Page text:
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Show'd like a rebel's whore: But all 's too weak:
And fix'd his head upon our battlements.
Shipwracking storms and direful thunders break a;
Began a fresh assault.
If I say sooth, I must report they were
But I am faint, my gashes cry for help.
[Exit Soldier, attended.
The worthy thane of Rosse.
So should he look that seems to speak strange things.
Where the Norweyan banners flout the sky,
* The word break is not in the original. The second folio adds breaking. Some verb is wanting; and the reading of the second folio is some sort of authority for the introduction of break, which is Pope's reading.
Norway himself, with terrible numbers,
The victory fell on us ;-
Sweno, the Norways' king, craves composition;
Ten thousand dollars to our general use.
Our bosom interest :--Go, pronounce his present death,
And with his former title greet Macbeth.
SCENE III.-A Heath. Thunder.
Enter the three Witches.
And mounch’d, and mounch’d, and mounch’d:—“Give me," quoth I:
I 'll do, I 'll do, and I 'll do. 2 WITCH. I 'll give thee a wind. 1 Witch. Th' art kind.
· Bellona's bridegroom is here undoubtedly Macbeth; but Henley and Steevens, fancying that the God of War was meant, chuckle over Shakspere's ignorance in not knowing that Mars was not the husband of Bellona. This is the original punctuation, which we think, with Tieck, is better than
“ Point against point rebellious, arm 'gainst arm." • Without the slightest ceremony Steevens omits the emphatic word present, as “injurious to metre."
« Aroint thee. See King Lear;' Illustration of Act III. Sc. 4. • Ronyon. See 'As You Like It;' Note on Act II. Sc. 2.
3 WITCH. And I another.
And the very ports they blow,
Look what I have.
Wrack'd, as homeward he did come. 3 WITCH. A drum, a drum :
Macbeth doth come.
Posters of the sea and land,
Enter MACBETH and BANQUO.
Macb. So foul and fair a day I have not seen.
So wither'd, and so wild in their attire;
a Weird. There can be no doubt that this term is derived from the Anglo-Saxon wyrd, word spoken; and in the same way that the word fate is anything spoken, weird and fatal are synonymous, and equally applicable to such mysterious beings as Macbeth's witches. We cannot therefore agree with Tieck that the word is wayward-wilful. He says that it is written wayward in the original; but this is not so; it is written weyward, which Steevens says is a blunder of the transcriber or printer. We doubt this; for the word is thus written weyward, to mark that it consists of two syllables. For example, in the second Act, Banquo says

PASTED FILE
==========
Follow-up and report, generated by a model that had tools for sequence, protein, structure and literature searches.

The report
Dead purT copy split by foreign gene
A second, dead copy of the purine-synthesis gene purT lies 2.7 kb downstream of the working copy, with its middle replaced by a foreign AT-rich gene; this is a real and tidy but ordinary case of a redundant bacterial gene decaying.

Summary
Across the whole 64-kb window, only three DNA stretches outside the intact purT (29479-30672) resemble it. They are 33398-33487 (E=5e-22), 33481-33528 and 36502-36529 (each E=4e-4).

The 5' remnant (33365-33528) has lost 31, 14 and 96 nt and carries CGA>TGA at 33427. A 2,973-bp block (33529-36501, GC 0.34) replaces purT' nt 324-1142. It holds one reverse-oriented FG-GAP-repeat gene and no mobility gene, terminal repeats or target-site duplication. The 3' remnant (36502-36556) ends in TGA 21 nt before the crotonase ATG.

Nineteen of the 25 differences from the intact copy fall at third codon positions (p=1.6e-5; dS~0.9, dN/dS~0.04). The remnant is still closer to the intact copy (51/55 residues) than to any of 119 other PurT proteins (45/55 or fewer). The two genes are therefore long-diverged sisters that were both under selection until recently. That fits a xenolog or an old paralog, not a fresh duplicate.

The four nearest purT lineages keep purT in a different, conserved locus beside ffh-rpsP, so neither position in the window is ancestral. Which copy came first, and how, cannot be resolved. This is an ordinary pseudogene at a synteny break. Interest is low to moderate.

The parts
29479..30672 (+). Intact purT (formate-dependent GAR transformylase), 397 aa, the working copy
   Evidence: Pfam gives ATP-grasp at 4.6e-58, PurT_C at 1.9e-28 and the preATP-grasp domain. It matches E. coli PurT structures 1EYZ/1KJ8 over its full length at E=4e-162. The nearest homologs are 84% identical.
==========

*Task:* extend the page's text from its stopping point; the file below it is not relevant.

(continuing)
“I dreamt last night of the three weyward sisters." But it is also written weyard:
“ As the weyard women promis'd, and I fear." Here the word is one syllable by elision. When the poet uses the word wayward in the sense of wilful, the editors of the original do not confound the words. Thus, in the third Act, Hecate says
"And which is worse, all you have done
Hath been but for a wayward son."
And yet are on 't? Live you? or are you aught
That you are so.
Speak, if you can ;-What are you?
Things that do sound so fair?-I' the name of truth,
Your favours, nor your hate.
So all hail, Macbeth and Banquo!
By Sinel's death, I know I am thane of Glamis ;
With such prophetic greeting ?-Speak, I charge you.
And these are of them: Whither are they vanish'd ? MacB. Into the air: and what seem'd corporal, melted
As breath into the wind.—'Would they had staid !
a Fantastical—belonging to fantasy-imaginary.
Ban. Were such things here as we do speak about?
Or have we eaten ona the insane rootb,
That takes the reason prisoner?
You shall be king.
Enter Rosse and ANGUS.
Rosse. The king hath happily receiv'd, Macbeth,
The news of thy success: and when he reads
And pour'd them down before him.
We are sent, To give thee, from our royal master, thanks;
Only to herald thee into his sight, not pay thee.
He bade me, from him, call thee thane of Cawdor:
For it is thine.
What, can the devil speak true ?
In borrow'd robes ?
Who was the thane, lives yet; But under heavy judgment bears that life
a On. The modern editors substitute of; but why should we reject an ancient idiom in our rage for modernising?
• Henbane is called insana in an old book of medicine, which Shakspere might have consulted. • This passage stands thus in the original:
“ He finds thee in the stout Norweyan ranks,
Nothing afеard of what thyself didst make,
Can post with post." We venture to adopt the reading of Rowe; principally because the expression “as thick as hail” was rendered familiar by poetical use: Spenser has,
" As thick as hail forth poured from the sky." And Drayton,
“Out of the town come quarries thick as hail.”